Ed Carlsen: Early to rise and early to bed, makes a man healthy, but socially dead!


Sue Carter: What's your name?

Irish McGurn: What's the difference? Sit down and have a drink. It's drinking that makes you beautiful.

Sue Carter: Aw, I haven't been drinking.

Irish McGurn: I know, but I have.


Men with men and men with women in
They Drive By Night (1940)

This being Raoul Walsh, there is an ongoing discussion of male relations in They Drive By Night (1940). This is couched in a vision which looks at the problems of working class truck drivers. It shows how these men are exploited by their bosses, and face difficult working conditions and financial hardships.

The film is filled with detail about this profession, and could even serve as a documentary about the industry. The poverty of the characters reminds us that Walsh was a disciple of D. W. Griffith, and often made films about the poor. These men are not slum dwellers or even working people portrayed as an underclass. They are working class people at their most financially desperate.

They Drive by Night does shows a powerful capitalist system driving  over the lives of ordinary people who are probably trapped. Later, in the film The Naked and the Dead, the system is modern warfare; but here it is the exploitative system of contract truckers. Both movies are constructed at times like documentaries, offering a systematic exposition of the social systems they describe.

Beaming Ann Sheridan as the marital prize for good old moral hard work in
They Drive By Night (1940)

They Drive by Night also studies exhaustion. The night-driving truck drivers are in a constant state of exhaustion, and are desperate throughout the movie for a good night's sleep. The film builds up a hypnotic mood, with the characters' hypnagogic and nearly-asleep state evoked by the repetitive surroundings.

The film ends with a most strange refrain ― Ida Lupino’s character Ann Carlson yelling and crying “The doors made me do it!”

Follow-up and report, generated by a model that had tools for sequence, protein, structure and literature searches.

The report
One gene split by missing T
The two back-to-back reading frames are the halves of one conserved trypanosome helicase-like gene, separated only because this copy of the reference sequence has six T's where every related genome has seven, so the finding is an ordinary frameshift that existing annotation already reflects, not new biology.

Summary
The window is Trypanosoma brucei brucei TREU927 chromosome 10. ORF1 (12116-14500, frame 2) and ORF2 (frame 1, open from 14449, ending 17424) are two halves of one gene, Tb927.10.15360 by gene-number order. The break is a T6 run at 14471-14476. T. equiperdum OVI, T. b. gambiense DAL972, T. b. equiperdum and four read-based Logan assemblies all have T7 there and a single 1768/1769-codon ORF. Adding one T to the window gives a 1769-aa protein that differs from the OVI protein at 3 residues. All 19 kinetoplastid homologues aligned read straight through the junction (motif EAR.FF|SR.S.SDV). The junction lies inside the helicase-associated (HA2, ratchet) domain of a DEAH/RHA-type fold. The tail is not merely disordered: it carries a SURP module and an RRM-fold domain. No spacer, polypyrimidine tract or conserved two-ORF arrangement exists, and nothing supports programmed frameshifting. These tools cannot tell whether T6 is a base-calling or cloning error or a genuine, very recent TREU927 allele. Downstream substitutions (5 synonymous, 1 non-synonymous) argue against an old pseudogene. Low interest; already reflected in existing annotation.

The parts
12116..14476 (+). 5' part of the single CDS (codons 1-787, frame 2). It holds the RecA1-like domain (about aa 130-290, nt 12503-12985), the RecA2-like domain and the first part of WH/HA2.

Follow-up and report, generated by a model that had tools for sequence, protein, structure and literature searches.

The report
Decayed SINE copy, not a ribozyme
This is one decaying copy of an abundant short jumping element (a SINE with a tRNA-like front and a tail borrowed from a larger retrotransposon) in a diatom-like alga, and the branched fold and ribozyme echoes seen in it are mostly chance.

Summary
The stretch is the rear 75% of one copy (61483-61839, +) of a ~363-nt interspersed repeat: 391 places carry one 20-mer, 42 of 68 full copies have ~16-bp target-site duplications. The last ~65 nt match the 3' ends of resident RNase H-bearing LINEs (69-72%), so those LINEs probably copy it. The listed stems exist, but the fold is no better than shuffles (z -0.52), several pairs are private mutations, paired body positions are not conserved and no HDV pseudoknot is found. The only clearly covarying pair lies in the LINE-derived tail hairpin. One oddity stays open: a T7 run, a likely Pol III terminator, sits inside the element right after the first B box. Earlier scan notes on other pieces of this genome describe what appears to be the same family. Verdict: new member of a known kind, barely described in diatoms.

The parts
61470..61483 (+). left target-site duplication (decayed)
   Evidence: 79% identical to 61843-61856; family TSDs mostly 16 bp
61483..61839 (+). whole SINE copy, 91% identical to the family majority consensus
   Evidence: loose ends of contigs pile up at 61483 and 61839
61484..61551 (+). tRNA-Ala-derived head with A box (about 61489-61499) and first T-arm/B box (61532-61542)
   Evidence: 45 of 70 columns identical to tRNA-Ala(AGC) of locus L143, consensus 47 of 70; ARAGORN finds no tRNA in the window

The line is strange ― but it may have something to do with the absolute novelty of such a thing as an automatic door in 1940.

In all, They Drive By Night is a movie of three thematic sections, and the departure from the first to the second section is wholly unexpected. And it gets even more unusual, and is in fact anything but predictable.

Although a horror genre did not exist as such ― or at least as we know it ― in 1940,  the dark atmosphere, plot and characters are gripping and the madness, rampant. Ida Lupino offers an icy and maddeningly cold persona holding the screen better than anyone else, and the murder scene is hugely effective ― one of the best in film noir.  

She arrives on screen man hungry and vixen like and yet she has a serious glare that oozes business sensibility, and her performance here earned her a studio contract. Comment should even be made on her excellent wardrobe, which is as fully distracting s it was intended to be.

Ida Lupino in They Drive by Night (1940)
Less femme fatale — more psychopath

Humphrey Bogart here plays more of a low-key family man whose wife is the wholesome type who frets about him having an accident all of the time. This is one of the last movies Bogart made before he became a star and could only be seen in the central position in any work he did, and it suits this film to a tee bringing out more of an ensemble feel.

Lupino is very good as the vicious scorned woman, a role she found herself playing in a number of films.

George's rise from blue collar working to full-on business owner is suggestive of multiple lives, and the mad and random nature of sex and capital, as here combined.

They Drive By Night (1940) is a schizophrenic movie. It's so early on in the film noir cycle that it doesn't know what it is, some of it just being the screwy exhibitionism of the 1930s, that's not going in any direction.

The first of the film is a labour relations based look at the Californian fruit industry from a working man's perspective. In this film Ann Sheridan is a sassy wise-cracking like it or lump it waitress with a quickfire tongue and a no nonsense outlook.

Later They Drive By Night becomes a classic film noir psychotic murder story, with actors driven by power and madness, and Ann Sheridan is a demure and patient home-dweller of a wife-to-be, wioth soft focus smiles and kind words and tears for everything and everybody.

Ida Lupino — "The doors made me do it!"
Descent to madness in They Live by Night (1940)

Ida Lupino being the evil-doer of the film noir action scenes of They Drive By Night, she might be more often than not classed as the femme fatale type. However the classification which may be needed instead is that of the film noir psychopath.

Ok she is a fatal femme, but that does not automatically make her a femme fatale. The character of Lana Carlsen may scheme and even user sexuality, but she is of course actually ill, as we witness in a bravado set of scenes which are terrifyingly real, as Ida Lupino creates a monster, a true horror of the screen. 

Ida Lupino — not scorned but psychotic?
They Drive by Night (1940)

They Drive By Night (1940) on Wikipedia